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There are four main knee ligaments that stabilize the femur bone on the tibia: The anterior cruciate ligament (ACL), posterior cruciate ligament (PCL), medial collateral ligament (MCL), and lateral collateral ligament (LCL/posterolateral corner). Injury to more than one knee ligament is termed a multi-ligament knee injury. The most common multi-ligament knee injury is an ACL/MCL injury. This injury commonly occurs in sports and fortunately, the MCL portion of this injury usually heals without surgery, so the knee is commonly treated for the ACL injury only with reconstruction. Rehabilitation and surgery for an ACL/MCL injury is commonly no different than that of an isolated ACL injury.

With higher energy injury to the knee (motorcycle accidents, car accidents, contact sports injuries), a knee dislocation or true bi-cruciate (ACL/PCL) injury can occur. With injury to the ACL and PCL one of the collateral ligaments is commonly torn as well. Injury to three or four knee ligaments is a very severe injury and can be associated with limb threatening injuries to nerves and arteries.

Workup/Treatment of Knee Dislocations and Multi-Ligament Knee Injuries

Knee dislocations are commonly treated in the emergency room setting. A prompt reduction of the knee is the first treatment with gentle traction on the leg. After the knee is reduced, the physician performs a neurovascular examination to determine if there has been obvious injury to nerve or artery. After x-rays rule out any fractured bones, a vascular study (MR/CT angiogram) is used to further rule out vascular injury. An MRI scan is then used as the cornerstone of diagnosis of multi-ligament knee injuries and concomitant meniscal and cartilage injuries.

Multi-Ligament Knee Injuries

Figure 1:

Figure 1a. X-ray showing dislocated knee. Figure 1b. Corresponding ACL/PCL injury on MRI. Figure 1c. Grade 3 MCL injury in same patient on MRI. This knee was treated with ACL/PCL/MCL reconstruction.

Surgical Treatment of Knee Dislocations and Multi-Ligament Knee Injuries

Most multi-ligament knee injuries require surgery to restore stability to the knee. There are two approaches towards treating these injuries. The first approach is a staged approach. The collateral ligaments (MCL/LCL) can be repaired acutely several days after injury in certain cases, particularly in avulsion injuries where the collateral ligament has pulled cleanly off the bone. After some healing of the collateral ligaments has occurred, the surgeon then proceeds with reconstruction of the ACL/PCL at a later date.

The second approach involves a single surgery with reconstruction of both the collateral ligaments (MCL/LCL) and the cruciate ligaments (ACL/PCL) in a delayed fashion 3-6 weeks after injury after swelling and range of motion have improved. While range of motion and swelling are improving, the knee is stabilized with a long hinged brace. The correct surgical approach is individualized based on the type and severity of the knee injury.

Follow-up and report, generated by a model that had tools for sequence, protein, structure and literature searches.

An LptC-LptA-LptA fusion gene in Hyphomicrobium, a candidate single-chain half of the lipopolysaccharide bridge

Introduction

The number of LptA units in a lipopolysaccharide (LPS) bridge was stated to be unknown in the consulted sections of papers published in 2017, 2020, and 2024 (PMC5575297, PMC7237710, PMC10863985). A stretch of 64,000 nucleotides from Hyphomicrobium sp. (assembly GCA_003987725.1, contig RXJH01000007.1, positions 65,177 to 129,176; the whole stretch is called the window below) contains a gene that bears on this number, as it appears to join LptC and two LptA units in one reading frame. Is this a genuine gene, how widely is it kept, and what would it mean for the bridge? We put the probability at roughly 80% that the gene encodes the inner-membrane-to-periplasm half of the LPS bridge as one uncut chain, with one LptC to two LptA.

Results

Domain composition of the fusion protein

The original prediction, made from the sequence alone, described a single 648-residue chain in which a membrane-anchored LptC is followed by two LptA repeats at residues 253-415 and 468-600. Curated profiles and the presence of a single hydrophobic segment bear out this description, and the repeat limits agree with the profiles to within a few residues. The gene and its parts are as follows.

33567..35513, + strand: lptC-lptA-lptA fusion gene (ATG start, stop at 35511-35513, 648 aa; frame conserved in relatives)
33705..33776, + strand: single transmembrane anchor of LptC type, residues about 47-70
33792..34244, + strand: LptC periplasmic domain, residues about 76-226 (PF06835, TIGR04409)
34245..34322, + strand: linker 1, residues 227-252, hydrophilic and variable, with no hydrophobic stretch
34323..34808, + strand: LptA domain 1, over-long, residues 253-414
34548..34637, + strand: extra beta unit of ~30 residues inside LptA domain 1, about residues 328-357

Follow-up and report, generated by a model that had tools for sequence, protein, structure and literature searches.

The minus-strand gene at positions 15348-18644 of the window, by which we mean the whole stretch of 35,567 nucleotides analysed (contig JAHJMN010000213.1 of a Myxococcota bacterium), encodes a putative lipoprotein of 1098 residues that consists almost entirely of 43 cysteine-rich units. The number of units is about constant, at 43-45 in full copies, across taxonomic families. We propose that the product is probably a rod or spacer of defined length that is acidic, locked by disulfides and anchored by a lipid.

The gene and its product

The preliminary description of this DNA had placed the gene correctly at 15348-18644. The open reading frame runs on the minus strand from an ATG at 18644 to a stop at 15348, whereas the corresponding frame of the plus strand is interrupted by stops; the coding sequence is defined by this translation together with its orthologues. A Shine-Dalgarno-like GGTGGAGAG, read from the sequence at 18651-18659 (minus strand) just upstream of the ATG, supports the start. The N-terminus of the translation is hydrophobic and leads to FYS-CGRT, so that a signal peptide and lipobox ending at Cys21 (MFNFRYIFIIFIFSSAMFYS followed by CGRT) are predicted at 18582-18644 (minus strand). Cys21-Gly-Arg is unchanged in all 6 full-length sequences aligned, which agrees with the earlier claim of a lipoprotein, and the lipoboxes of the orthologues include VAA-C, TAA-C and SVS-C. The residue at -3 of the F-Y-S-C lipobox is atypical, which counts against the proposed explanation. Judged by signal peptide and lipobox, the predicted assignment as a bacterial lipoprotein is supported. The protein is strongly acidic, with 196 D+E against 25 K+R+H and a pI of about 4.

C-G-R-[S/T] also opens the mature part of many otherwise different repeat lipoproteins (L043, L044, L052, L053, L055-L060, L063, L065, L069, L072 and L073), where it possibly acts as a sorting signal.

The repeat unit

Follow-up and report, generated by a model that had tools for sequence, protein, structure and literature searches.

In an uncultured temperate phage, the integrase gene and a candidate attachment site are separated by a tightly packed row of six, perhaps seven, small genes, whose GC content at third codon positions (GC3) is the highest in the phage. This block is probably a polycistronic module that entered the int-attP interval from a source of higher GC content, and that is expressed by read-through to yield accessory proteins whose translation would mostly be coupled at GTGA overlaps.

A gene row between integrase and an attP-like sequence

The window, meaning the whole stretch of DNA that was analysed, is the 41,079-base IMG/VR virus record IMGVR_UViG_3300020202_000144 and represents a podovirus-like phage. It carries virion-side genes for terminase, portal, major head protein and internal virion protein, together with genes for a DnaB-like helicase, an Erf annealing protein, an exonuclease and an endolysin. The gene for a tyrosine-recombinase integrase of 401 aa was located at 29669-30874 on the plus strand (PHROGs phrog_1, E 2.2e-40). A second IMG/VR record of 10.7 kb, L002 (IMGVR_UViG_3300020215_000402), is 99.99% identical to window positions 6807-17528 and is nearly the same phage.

What to Expect

  • Surgical treatment of multi-ligament knee injuries is usually performed as an inpatient with a one to two night hospital stay.
  • Surgery can last 3-4 hours depending on the complexity of the injury.
  • Allograft (donor) tissue is used for the reconstruction of each injured ligament.
  • The cruciate ligaments are reconstructed arthroscopically through small incisions, but the collateral ligaments do require an incision for reconstruction or repair.
  • After surgery the knee is placed in a brace and a cold therapy device is used to ice the knee
  • The brace is locked in extension and crutches are used for the first two weeks.
  • Gentle range of motion and partial weight bearing is initiated between weeks 2-6.
  • The brace is removed at 6 weeks and full weight bearing is allowed.
  • Near normal walking and range of motion is expected to return at 3-4 months after extensive physical therapy.
  • Strengthening of the leg continues until months 9-12 when return to sports is usually allowed in a custom hinged knee brace.
  • Multi-ligament knee injuries are very severe injuries. Despite a well-done surgery, range of motion deficit, strength deficit, limp, pain, knee instability, and limitation during sports can persist. Early arthritis in the knee can also develop.

Multiligament Knee Reconstruction Photos

Figure 2a and 2c. Torn ACL and PCL after multiligament knee injury. Figure 2b and 2d. Arthroscopic photos after ACL and PCL reconstruction arthroscopically using allograft.

Multiligament Knee Reconstruction 2

Figure 2:

  • American Orthopedic Society for Sports Medicine
  • The Association of Clinical Elbow and Shoulder Surgeons (ACESS)
  • American Academy of Orthopedic Surgeons
  • The American Shoulder and Elbow Surgeons (ASES)